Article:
Daily CSR
Daily CSR

Daily CSR

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Drone Technology: A Growing Interest Of Utilities’ Sector


Utilities’ experts think that using drone technology can prove helpful to perform better from compliance angle. However, present regulations on drones pose significant difficulties.

Dailycsr.com – 04 July 2016 – The utilities in natural gas, as well as water and electric sectors are showing a growing interest in “drone technology”. Moreover, the recent drone technology seems to have the potential to become the “best practice” in the utilities sector as more and more projects in the same sectors are incorporating drone technology.
The “2016 Strategic Directions: Smart City/Smart Utility report” of Black & Veatch show that over sixty percent of survey subjects consider drone as a valuable asset that contributes in their “construction, maintenance and operations programs”. In the words of the “Global Chief Technology Officer” at Black & Veatch, Brad Hardin:
“But just owning the drone equipment will not be a differentiator. The innovative things that utilities do with the data they capture will create the competitive advantage for them.”
Investing in drone technology proves to be less expensive for the natural gas and electric distributors in comparison to other “more costly” methods like “using helicopters and line inspection crews” as the former returns “a strong interest in pipeline and power line project inspections and image capture”, whereby the drone popularity gets justified.
However, there are certain hurdles to overcome before the drone technology gets widely accepted. To start with, “current federal mandates” in regards to automated aerial systems need to undergo change. As using drones for large scale inspection turns out to be a challenge for the utilities sectors under the present “Federal Aviation Administration guidelines”.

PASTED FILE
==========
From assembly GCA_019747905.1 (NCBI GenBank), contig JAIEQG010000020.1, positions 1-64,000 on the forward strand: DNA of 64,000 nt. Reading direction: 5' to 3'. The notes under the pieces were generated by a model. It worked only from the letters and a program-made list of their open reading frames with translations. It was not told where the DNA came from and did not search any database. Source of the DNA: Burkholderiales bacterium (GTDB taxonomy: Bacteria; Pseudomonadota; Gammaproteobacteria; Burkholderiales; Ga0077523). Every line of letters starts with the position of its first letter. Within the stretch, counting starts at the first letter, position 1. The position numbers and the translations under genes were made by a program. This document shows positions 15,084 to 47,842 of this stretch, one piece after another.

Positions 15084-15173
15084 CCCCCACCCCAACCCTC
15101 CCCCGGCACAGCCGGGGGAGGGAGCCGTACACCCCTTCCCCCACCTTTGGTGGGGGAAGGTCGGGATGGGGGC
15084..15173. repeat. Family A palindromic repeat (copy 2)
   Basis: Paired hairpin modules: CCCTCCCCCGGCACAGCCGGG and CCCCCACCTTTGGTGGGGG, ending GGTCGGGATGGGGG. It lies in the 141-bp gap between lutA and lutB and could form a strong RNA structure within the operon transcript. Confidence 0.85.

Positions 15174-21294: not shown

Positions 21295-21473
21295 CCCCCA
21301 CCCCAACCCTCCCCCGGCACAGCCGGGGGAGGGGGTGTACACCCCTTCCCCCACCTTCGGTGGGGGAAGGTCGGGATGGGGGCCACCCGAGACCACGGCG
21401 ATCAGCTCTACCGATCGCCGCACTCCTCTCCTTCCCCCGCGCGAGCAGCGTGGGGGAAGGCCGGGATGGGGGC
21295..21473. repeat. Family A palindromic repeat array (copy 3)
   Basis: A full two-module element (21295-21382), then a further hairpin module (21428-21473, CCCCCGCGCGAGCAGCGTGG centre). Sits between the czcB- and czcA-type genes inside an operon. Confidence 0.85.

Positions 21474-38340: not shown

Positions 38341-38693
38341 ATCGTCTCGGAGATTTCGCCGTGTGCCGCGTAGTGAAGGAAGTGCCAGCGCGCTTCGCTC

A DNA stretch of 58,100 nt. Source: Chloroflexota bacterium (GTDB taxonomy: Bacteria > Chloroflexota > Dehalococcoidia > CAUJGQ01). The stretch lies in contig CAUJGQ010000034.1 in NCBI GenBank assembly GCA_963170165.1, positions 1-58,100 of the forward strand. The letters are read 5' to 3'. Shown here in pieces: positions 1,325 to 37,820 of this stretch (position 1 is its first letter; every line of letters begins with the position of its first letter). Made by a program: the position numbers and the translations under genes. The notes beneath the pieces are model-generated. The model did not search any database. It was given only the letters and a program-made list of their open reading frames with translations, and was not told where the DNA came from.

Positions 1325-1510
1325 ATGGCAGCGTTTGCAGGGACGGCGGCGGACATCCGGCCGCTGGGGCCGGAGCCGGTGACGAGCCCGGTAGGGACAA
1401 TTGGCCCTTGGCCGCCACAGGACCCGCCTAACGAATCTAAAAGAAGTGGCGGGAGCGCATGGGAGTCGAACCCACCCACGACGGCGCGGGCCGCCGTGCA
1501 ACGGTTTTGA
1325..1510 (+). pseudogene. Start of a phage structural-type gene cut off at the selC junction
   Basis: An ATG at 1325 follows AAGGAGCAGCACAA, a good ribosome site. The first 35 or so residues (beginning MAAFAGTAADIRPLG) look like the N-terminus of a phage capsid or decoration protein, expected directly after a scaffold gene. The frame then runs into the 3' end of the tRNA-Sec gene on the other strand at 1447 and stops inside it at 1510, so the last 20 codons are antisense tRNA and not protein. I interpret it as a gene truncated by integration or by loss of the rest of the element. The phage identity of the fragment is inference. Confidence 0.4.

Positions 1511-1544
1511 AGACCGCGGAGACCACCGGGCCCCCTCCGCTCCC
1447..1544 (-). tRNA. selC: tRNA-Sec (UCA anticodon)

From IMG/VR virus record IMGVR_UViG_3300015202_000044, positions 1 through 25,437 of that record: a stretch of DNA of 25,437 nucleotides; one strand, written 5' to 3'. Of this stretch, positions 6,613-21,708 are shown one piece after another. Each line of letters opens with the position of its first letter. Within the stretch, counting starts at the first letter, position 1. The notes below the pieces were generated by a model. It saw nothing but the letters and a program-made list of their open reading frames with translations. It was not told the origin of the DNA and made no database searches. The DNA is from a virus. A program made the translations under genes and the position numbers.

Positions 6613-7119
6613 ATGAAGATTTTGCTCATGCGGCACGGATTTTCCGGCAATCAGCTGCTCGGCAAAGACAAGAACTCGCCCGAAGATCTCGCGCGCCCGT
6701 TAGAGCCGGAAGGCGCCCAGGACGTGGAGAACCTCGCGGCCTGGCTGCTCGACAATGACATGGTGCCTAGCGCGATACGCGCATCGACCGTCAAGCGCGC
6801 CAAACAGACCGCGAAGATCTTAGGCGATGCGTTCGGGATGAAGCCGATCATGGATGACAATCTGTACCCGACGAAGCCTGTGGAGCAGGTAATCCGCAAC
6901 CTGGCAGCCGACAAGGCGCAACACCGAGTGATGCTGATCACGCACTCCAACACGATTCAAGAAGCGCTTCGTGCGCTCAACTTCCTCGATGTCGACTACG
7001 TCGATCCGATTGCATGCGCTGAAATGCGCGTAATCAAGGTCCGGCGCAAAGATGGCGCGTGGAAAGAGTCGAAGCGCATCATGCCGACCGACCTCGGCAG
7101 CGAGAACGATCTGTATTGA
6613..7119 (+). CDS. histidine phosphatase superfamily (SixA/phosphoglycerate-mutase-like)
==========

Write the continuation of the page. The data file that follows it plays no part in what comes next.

At present, the regulations require a person to keep a constant watch on the drone from the operating area, says Brian Melton from the “Technology Strategist in Black & Veatch’s water business”, whereby he adds:
“However, outside of 50 to 100 yards, a drone is usually not easily visible to the operator. That makes miles-long inspections very difficult, if not impossible.”
Other regulatory constraints include “a pilot’s license” for operating drone in commercial scenario, while the machine should be “less than 55 pounds”. However, many want to add data capturing facility in the drone besides its present function of capturing image for the former provides “additional operational and construction information”.
Likewise, fixing a LIDAR, “remote sensing technology” to measure and analyse objects gives justified reasons, while the technology of LIDAR scanning generated from drones “detailed 3D point cloud” can be used directly “within many design applications today”. While, Hardin notes:
“This allows designers to leverage accurate information from real-world conditions. It also keeps them from having to start their work with outdated information or a blank screen and generate everything from scratch.”
Moreover, Melton concludes:
“As drone use becomes more accepted and implemented, those working to provide design, engineering and construction services to utilities must adopt drone capabilities. We expect their use will climb sharply.”